This is hugely significant in terms of the Jewish understanding of political leadership. There are other commands directed to the king. He must not accumulate horses so as not to establish trading links with Egypt. He should not have too many wives for “they will lead his heart astray.” He should not accumulate wealth. These were all standing temptations to a king. As we know and as the sages pointed out, it was these three prohibitions that Solomon, wisest of men, broke, marking the beginning of the long slow slide into corruption that marked much of the history of the monarchy in ancient Israel. It led, after his death, to the division of the kingdom.

But these were symptoms, not the cause. The cause was the feeling on the part of the king that, since he is above the people, he is above the law. As the rabbis said (Sanhedrin 21b), Solomon justified his breach of these prohibitions by saying that the only reason that a king may not accumulate wives is that they will lead his heart astray, so I will marry many wives and not let my heart be led astray. And since the only reason not to have many horses is not to establish links with Egypt, I will have many horses but not do business with Egypt. In both cases he fell into the trap that the Torah had warned about. Solomon’s wives did lead his heart astray (1 Kings 11:3), and his horses were imported from Egypt (1 Kings 10:28-29). The arrogance of power is its downfall. Hubris leads to nemesis.

Hence the Torah’s insistence on humility, not as a mere nicety, a good thing to have, but as essential to the role. The king was to be treated with the highest honor. In Jewish law, only a king may not renounce the honor due to his role. A parent may do so, so may a rav, so may even a nasi, but not a king (Kiddushin 32a-b). Yet there is to be a complete contrast between the external trappings of the king and his inward emotions.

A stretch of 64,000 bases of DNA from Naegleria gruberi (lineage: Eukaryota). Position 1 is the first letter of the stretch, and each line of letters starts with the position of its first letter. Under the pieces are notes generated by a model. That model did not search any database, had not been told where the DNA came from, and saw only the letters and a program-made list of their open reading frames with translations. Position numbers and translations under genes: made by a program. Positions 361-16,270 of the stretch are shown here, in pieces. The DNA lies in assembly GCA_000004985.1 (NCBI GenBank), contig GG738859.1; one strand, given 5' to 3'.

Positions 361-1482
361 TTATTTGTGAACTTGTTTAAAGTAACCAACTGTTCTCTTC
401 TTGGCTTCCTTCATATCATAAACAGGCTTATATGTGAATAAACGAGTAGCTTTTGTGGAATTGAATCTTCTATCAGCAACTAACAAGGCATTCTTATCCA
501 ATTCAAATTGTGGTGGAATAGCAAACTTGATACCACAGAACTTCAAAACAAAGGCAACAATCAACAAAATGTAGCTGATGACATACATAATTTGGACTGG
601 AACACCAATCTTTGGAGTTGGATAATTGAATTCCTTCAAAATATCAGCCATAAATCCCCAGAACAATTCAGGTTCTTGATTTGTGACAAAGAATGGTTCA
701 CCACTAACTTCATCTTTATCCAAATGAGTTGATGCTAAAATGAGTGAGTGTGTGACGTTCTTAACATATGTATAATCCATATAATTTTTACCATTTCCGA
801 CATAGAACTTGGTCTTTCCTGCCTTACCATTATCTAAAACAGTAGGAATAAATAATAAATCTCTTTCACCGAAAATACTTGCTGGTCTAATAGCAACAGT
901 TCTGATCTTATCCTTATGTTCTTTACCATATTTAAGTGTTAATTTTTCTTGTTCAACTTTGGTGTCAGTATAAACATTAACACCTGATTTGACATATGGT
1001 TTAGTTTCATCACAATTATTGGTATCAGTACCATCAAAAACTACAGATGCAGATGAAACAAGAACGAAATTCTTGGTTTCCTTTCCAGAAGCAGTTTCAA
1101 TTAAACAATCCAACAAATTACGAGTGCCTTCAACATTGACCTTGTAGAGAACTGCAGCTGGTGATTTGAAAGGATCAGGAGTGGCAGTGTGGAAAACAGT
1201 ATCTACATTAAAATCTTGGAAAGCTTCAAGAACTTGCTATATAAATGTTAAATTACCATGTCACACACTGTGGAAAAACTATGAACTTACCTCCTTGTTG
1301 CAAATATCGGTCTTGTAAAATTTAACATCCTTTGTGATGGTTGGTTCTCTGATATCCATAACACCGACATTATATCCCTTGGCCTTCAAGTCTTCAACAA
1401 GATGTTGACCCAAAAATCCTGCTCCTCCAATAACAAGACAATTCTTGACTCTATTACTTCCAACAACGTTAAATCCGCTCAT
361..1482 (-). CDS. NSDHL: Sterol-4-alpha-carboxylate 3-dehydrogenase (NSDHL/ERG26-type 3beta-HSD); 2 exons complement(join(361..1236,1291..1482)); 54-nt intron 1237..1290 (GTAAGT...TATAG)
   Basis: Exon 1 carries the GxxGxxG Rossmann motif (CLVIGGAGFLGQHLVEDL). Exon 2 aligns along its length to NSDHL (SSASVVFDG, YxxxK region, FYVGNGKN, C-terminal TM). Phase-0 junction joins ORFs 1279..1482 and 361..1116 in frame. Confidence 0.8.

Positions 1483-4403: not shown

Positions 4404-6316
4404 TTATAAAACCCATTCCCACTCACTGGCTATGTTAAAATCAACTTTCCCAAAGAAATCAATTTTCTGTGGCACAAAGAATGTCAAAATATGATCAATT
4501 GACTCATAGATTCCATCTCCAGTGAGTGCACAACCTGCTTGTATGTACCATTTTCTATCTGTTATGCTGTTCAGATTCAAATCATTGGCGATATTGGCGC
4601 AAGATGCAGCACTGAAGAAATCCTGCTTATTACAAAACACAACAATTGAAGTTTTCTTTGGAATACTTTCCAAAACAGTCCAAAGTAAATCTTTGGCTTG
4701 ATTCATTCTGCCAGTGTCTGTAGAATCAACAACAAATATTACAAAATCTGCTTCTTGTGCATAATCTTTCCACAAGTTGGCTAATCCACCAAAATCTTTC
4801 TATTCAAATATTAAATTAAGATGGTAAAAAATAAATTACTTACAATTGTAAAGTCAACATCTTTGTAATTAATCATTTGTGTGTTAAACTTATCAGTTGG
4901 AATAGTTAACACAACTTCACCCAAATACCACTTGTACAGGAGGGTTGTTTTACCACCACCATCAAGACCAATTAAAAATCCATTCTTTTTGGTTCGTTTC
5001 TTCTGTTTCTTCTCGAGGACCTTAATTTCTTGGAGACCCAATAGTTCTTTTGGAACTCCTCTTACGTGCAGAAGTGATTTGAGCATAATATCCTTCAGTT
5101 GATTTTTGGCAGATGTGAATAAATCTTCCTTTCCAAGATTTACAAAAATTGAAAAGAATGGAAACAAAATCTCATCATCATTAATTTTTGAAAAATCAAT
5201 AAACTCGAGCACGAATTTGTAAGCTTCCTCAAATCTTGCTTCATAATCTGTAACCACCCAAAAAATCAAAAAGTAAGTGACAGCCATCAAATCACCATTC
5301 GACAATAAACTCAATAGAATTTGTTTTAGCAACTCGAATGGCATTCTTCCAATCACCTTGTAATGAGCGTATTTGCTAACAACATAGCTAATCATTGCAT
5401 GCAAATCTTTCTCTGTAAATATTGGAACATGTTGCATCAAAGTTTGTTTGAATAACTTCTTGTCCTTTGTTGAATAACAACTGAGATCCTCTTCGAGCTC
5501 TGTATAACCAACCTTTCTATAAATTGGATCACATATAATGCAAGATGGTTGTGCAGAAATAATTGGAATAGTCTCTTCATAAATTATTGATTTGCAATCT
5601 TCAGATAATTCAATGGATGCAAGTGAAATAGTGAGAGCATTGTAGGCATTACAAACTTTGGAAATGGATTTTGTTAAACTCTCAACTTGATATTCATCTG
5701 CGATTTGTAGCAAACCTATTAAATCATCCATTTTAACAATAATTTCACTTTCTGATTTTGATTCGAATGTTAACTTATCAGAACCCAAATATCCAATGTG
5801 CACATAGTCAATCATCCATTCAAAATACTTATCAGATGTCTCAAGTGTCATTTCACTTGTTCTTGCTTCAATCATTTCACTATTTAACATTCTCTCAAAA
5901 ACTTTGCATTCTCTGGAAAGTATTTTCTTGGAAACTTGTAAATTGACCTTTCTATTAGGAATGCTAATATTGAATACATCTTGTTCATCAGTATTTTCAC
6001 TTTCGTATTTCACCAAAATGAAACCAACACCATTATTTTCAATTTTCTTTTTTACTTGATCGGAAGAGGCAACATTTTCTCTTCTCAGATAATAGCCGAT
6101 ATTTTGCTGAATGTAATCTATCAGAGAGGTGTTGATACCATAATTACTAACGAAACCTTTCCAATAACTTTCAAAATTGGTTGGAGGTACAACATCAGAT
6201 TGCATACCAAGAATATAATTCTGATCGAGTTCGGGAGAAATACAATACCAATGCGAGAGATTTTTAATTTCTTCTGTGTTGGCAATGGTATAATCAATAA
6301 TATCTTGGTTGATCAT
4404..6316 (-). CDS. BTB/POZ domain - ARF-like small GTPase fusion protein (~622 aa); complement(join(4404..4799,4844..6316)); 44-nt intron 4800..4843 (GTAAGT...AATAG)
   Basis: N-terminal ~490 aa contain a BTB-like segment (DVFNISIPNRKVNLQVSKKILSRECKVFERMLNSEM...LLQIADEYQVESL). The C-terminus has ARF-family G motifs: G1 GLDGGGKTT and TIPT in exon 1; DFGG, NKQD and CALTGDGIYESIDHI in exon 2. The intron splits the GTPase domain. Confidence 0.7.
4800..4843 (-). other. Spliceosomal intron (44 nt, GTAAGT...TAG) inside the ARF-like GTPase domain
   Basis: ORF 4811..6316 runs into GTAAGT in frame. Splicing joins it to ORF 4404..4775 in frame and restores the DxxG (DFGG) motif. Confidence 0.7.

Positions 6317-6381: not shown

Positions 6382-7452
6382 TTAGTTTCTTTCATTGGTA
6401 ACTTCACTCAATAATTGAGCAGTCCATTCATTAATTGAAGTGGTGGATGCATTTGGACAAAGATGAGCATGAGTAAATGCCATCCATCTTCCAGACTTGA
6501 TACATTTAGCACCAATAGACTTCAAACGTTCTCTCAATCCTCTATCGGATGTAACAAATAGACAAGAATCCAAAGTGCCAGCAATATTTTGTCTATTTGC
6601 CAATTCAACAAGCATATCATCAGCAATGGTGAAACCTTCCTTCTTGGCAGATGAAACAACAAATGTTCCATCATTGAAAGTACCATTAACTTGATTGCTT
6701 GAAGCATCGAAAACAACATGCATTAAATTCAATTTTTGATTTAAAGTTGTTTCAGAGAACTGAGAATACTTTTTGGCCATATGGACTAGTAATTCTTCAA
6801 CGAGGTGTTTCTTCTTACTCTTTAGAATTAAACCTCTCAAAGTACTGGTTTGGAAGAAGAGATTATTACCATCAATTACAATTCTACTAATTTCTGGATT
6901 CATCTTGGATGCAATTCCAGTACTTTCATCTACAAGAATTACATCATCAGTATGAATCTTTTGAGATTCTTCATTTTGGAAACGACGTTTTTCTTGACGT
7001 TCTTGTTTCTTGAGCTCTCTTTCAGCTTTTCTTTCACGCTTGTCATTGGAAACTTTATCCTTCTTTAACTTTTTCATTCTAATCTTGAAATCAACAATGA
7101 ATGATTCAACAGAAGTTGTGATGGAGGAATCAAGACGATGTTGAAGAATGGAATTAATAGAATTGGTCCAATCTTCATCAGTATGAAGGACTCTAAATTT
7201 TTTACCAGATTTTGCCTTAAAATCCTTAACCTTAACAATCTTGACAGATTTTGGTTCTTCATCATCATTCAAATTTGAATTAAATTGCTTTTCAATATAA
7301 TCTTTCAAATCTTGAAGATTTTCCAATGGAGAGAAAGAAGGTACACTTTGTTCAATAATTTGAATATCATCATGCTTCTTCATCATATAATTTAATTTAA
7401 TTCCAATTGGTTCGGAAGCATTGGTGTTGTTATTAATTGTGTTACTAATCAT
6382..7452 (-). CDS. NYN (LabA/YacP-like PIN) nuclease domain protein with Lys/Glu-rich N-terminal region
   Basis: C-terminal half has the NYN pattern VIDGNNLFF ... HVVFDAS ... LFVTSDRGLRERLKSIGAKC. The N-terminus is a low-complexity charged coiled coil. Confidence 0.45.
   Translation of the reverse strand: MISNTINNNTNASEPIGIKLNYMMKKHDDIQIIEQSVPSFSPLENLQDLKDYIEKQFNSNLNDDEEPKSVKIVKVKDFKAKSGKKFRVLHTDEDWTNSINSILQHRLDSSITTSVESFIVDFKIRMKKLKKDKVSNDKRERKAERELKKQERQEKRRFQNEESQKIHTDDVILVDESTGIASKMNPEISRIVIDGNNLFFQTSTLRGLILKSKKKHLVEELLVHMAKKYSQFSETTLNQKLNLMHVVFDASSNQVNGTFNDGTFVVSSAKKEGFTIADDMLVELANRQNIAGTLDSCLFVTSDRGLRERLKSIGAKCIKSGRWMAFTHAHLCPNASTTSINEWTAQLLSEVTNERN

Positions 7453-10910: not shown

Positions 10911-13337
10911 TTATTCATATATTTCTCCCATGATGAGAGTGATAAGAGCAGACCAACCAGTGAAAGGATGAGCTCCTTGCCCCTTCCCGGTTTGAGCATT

Maimonides is eloquent on the subject: “Just as the Torah grants him [the king] great honor and obliges everyone to revere him, so it commands him to be lowly and empty at heart, for as it says: ‘My heart is empty within me’ [Psalms 109:22]. Nor should he treat Israel with overbearing haughtiness, for it says, ‘so that his heart be not haughty over his brothers’ [Deuteronomy 17:20].

“He should be gracious and merciful to the small and the great, involving himself in their good and welfare. He should protect the honor of even the humblest of men. When he speaks to the people as a community, he should speak gently, for as it says, ‘Listen my brothers and my people….’ [1 Chronicles 28:2], and similarly, ‘If today you will be a servant to these people…’ [1 Kings 12:7].

“He should always conduct himself with great humility. There was none greater than Moses, our teacher. Yet he said: ‘What are we? Your complaints are not against us’ [Exodus 16:8]. He should bear the nation’s difficulties, burdens, complaints and anger as a nurse carries an infant” (Maimonides, Laws of Kings 2:6).

The model is Moses, described in the Torah as “very humble, more so than any person on the face of the earth” (Numbers 12: 3). “Humble” here does not mean diffident, meek, self-abasing, timid, bashful, demure, or lacking in self-confidence. Moses was none of these. It means honoring others and regarding them as important, no less important than you are. It does not mean holding yourself low; it means holding other people high. It means roughly what Ben Zoma meant when he said (Avot 4:1), “Who is honored? One who honors others.” This led to one of the great rabbinic teachings, contained in the siddur and said on Motzaei Shabbat:

Rabbi Lord Jonathan Sacks

Dealing With Your Daughter’s Troubling Relationship

Wednesday, August 22nd, 2012

Dear Dr. Yael:

I am concerned about my daughter. She is dating a boy whom she is crazy about, but I see certain things in him that make me nervous. He tries to control her and wants her to spend all her time with him. If she has plans with friends or family members, he will often become upset; as a result, she cancels her plans so she can be with him.